Big snows test QLDC

Drivers bound for Coronet Peak fit, or attempt to fit, snow chains on over 20 vehicles including...
Drivers bound for Coronet Peak fit, or attempt to fit, snow chains on over 20 vehicles including two buses near Arthurs Point on July 13. Photo: Joe Dodgshun
Issues with winter maintenance of skifield access roads - particularly Coronet Peak Rd - have to be solved quickly, Queenstown Lakes District Council transport manager Denis Mander says.

Mr Mander's report on the big snows in July and August will be discussed by the infrastructure services committee tomorrow.

In his report, Mr Mander says the three snowfalls in July and August cost the council $457,000 - $204,607 to be paid by the council, with the remainder funded by the New Zealand Transport Agency (NZTA) under the emergency reinstatement category.

The report covers the feedback and issues across a wide range of areas, including performance on arterial and secondary roads, footpaths, snow clearance techniques, infrastructure and public communications.

Both positive and negative feedback had been received, Mr Mander said.

However, one of the most important matters to be resolved related to Coronet Peak Rd.

The council paid for the winter maintenance activity for the "full length" of the road, while DownerEDI subcontracted NZSki to carry out winter maintenance for the top half of the road.

Mr Mander said discussions with NZSki had revealed "some concern at the uncertainty of maintenance activities" on the road during the three snow events - two in July and one in August.

A contributing factor had been a short breakdown in communications when Downer's radio transmission channel failed during the first snowfall.

While that was quickly corrected, it was not communicated well to all subcontractors-suppliers and key stakeholders, "resulting in communication difficulties with the likes of NZSki", Mr Mander said.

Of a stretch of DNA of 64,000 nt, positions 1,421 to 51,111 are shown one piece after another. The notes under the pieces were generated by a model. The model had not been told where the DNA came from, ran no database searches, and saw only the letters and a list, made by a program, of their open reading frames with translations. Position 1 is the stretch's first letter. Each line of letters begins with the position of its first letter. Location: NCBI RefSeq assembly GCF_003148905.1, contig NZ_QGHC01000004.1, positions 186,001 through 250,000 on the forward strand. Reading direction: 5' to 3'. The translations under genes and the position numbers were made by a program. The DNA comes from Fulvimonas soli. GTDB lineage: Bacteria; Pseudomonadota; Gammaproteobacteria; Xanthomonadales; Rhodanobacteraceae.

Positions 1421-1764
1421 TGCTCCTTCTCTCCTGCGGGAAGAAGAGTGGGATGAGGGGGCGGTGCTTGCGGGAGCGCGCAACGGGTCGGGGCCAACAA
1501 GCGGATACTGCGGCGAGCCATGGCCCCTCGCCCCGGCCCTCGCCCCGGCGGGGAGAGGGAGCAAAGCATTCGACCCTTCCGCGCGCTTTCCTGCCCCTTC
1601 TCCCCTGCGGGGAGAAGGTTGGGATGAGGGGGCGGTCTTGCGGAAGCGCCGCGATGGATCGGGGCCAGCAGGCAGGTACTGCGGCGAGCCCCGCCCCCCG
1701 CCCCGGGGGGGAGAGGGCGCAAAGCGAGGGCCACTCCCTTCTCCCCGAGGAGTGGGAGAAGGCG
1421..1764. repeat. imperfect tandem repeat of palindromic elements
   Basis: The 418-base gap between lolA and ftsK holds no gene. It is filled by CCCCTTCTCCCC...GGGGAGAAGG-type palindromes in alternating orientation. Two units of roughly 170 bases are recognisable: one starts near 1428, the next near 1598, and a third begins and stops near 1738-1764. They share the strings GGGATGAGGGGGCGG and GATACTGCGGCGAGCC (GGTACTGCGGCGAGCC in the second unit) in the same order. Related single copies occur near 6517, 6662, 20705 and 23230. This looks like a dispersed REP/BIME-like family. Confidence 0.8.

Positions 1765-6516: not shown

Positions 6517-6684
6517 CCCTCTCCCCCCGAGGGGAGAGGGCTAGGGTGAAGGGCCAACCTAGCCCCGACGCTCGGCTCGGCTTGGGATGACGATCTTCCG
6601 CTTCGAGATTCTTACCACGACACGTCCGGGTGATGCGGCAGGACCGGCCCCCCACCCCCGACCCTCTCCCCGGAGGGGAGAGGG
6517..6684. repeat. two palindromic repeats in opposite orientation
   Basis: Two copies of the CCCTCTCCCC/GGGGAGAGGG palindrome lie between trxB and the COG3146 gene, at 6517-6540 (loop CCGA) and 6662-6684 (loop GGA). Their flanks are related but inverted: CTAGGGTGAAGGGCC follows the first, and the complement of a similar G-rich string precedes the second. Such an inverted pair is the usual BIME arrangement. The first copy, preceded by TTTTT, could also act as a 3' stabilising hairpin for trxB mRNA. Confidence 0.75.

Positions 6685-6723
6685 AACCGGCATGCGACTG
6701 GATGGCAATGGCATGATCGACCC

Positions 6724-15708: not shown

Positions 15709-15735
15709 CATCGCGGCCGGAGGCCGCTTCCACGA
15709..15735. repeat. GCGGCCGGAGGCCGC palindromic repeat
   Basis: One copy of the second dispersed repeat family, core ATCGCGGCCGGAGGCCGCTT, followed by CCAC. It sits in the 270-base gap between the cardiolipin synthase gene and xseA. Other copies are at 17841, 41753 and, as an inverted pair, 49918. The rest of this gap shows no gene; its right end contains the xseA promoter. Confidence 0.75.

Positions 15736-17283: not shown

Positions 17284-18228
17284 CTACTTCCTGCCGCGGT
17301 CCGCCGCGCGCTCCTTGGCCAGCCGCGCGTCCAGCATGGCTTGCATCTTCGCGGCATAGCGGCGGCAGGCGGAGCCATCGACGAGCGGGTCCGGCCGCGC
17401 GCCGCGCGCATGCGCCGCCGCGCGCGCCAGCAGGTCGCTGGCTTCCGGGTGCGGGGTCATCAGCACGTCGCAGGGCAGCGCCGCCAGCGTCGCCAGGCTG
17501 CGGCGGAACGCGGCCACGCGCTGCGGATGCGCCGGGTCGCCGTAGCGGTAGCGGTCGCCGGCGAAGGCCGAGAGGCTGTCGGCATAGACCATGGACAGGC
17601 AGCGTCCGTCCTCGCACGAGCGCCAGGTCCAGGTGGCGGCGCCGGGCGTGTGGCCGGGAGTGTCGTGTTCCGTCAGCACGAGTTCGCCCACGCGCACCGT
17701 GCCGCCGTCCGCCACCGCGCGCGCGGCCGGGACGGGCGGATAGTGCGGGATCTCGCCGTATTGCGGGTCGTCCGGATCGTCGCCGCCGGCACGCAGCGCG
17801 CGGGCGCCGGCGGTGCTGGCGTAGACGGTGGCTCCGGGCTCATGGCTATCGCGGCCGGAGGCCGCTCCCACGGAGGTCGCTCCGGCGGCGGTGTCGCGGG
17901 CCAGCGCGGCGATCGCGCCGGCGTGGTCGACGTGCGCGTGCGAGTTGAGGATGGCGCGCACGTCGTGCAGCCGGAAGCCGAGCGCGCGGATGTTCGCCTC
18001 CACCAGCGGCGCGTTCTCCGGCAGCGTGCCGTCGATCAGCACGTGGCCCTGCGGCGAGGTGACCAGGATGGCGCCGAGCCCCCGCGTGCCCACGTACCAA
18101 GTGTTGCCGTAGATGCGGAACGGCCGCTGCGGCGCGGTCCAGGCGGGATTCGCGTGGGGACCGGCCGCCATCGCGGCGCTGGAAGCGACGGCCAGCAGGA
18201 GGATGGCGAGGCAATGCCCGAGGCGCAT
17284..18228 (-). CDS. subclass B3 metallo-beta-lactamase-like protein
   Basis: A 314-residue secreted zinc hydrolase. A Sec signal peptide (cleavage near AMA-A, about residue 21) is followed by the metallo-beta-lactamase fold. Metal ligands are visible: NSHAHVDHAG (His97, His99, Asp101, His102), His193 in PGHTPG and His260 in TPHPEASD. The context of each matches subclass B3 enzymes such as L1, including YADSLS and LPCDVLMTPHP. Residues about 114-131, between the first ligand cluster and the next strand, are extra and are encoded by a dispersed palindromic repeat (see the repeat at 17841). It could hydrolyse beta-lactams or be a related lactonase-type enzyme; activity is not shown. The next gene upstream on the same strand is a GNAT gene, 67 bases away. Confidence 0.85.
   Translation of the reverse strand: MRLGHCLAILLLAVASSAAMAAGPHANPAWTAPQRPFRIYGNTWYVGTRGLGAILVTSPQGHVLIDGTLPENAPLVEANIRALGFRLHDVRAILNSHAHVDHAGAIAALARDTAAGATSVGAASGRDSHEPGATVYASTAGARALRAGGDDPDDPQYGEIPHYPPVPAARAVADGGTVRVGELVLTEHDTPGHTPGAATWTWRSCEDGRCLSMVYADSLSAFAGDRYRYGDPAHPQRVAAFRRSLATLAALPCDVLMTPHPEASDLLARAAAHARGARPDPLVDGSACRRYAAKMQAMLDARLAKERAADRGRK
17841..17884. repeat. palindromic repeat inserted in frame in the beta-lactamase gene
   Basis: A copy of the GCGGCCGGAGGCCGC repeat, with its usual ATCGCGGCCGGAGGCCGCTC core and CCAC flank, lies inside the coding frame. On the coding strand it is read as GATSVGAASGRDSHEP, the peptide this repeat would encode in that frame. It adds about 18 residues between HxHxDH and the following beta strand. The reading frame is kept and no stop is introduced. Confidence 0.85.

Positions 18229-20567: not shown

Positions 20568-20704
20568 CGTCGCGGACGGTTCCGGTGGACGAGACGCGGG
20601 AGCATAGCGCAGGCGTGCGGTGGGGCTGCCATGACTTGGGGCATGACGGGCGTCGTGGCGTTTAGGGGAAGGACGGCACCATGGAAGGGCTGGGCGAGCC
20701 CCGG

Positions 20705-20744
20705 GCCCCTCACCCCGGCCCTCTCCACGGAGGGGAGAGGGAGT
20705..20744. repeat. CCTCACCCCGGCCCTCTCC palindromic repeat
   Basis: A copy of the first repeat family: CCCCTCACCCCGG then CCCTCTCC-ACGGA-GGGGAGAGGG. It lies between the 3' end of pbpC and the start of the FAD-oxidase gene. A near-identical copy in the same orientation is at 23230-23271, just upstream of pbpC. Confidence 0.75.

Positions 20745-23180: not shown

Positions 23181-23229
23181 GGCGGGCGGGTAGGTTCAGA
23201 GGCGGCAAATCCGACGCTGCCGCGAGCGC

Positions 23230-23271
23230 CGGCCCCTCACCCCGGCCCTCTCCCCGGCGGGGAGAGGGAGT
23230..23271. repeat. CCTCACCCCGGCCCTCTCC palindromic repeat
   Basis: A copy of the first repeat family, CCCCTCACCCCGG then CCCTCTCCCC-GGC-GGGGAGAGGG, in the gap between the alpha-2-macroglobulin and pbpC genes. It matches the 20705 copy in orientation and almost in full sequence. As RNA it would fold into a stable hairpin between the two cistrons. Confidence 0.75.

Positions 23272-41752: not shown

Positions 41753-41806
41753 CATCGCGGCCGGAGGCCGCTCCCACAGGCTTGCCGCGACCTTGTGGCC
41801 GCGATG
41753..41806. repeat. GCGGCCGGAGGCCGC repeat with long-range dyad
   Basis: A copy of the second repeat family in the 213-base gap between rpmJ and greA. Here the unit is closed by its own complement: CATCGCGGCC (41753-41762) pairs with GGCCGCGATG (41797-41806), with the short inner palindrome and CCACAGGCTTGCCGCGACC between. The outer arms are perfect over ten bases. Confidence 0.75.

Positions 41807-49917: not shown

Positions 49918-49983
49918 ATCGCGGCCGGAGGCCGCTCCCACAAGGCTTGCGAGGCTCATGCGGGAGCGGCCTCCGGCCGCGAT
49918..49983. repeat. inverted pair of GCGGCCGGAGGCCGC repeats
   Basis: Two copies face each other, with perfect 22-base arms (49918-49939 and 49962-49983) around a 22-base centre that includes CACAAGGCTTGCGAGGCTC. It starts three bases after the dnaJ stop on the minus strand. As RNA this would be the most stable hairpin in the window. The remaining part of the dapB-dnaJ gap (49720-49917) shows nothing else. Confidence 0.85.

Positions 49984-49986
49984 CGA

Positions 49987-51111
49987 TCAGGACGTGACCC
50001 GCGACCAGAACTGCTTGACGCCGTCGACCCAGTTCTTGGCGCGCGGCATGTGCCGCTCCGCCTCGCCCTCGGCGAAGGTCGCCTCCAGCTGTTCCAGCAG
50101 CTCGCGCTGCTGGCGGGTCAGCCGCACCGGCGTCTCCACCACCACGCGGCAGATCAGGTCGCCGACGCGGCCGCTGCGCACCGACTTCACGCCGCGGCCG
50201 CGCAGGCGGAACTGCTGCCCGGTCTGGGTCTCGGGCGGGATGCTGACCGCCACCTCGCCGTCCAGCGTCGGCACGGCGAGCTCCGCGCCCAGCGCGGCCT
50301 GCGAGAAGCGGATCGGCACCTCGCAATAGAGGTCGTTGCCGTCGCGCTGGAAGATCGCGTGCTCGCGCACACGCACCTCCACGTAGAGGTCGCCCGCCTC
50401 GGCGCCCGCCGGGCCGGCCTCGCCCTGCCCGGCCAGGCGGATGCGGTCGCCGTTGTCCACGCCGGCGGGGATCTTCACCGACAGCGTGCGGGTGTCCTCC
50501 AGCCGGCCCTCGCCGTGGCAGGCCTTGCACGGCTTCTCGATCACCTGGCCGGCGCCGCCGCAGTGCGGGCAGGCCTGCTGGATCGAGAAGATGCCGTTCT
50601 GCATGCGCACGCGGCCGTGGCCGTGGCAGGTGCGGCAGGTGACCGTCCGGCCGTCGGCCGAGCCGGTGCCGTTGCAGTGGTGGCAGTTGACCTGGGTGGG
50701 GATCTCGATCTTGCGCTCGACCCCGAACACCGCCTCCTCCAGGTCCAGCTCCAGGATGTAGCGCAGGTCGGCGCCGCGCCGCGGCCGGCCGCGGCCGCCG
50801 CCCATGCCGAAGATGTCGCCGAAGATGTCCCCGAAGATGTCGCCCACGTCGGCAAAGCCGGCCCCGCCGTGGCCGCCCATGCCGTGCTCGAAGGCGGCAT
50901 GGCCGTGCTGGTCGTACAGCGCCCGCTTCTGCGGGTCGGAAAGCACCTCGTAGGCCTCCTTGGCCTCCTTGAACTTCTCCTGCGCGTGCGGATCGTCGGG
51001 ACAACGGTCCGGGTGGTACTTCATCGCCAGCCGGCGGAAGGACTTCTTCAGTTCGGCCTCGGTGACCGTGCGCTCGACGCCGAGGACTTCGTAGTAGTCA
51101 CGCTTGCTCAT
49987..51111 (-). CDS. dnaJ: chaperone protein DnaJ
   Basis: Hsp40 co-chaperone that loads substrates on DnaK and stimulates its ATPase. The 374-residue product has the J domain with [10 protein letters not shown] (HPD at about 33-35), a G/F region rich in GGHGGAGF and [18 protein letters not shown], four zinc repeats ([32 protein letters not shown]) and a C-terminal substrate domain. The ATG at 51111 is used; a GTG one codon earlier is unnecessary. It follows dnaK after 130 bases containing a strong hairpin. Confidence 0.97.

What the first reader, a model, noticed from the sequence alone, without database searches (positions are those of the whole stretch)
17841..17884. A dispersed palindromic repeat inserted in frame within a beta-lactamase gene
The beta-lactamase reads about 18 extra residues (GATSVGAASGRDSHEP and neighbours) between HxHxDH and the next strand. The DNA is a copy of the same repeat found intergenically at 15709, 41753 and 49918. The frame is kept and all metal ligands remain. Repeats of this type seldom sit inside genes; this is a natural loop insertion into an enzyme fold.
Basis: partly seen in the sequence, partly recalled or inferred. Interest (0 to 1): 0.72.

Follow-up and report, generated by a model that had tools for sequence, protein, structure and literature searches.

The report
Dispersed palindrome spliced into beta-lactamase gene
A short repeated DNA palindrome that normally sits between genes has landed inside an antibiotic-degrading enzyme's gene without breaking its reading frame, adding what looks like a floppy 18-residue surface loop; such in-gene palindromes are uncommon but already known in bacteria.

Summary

Other issues was a "mismatch" between the contracted service hours and NZSki's operations, particularly its early-start First Tracks programme, which had revealed a low level of communication between the council and NZSki in "both directions"; and Coronet Peak Rd "being prioritised among all other priority roads that the roading maintenance contract has to deal with".

"At the crux of the issue is the fact that Coronet Peak Rd is the only public road access to Coronet Peak Skifield," Mr Mander said.

"It is absolutely critical to NZSki in a commercial sense - any road down-time affects revenue.

"From a council and road maintenance contractor perspective, however, it is important, but not the only important road in the district.

"Clearly - given the importance of the skifields - it is absolutely critical that issue be resolved quickly," Mr Mander said.

Options included contracting NZSki to undertake winter maintenance for the whole road; keep the status quo but with changes to levels of service to match NZSki's requirements; or DownerEDI undertake the winter maintenance for the full length of the road.

Several meetings had been held between Downer and NZSki to resolve the issue, but it was recommended council staff help the process.

"If there is an expectation that levels of service will be changed [as is anticipated], this will need to be reported to council for approval.

"There will be follow-on lessons for access roads to other skifields - acknowledging that the functioning of these roads is immensely important to the district's visitor industries."

Included in Mr Mander's report was an "action plan" which provided definite actions and timeframes for the implementation of improvements, with progress to be monitored and reported back to the infrastructure services committee.


Add a Comment



Our journalists are your neighbours

We are the South's eyes and ears in crucial council meetings, at court hearings, on the sidelines of sporting events and on the frontline of breaking news.

As our region faces uncharted waters in the wake of a global pandemic, Otago Daily Times continues to bring you local stories that matter.

We employ local journalists and photographers to tell your stories, as other outlets cut local coverage in favour of stories told out of Auckland, Wellington and Christchurch.

You can help us continue to bring you local news you can trust by becoming a supporter.

Become a Supporter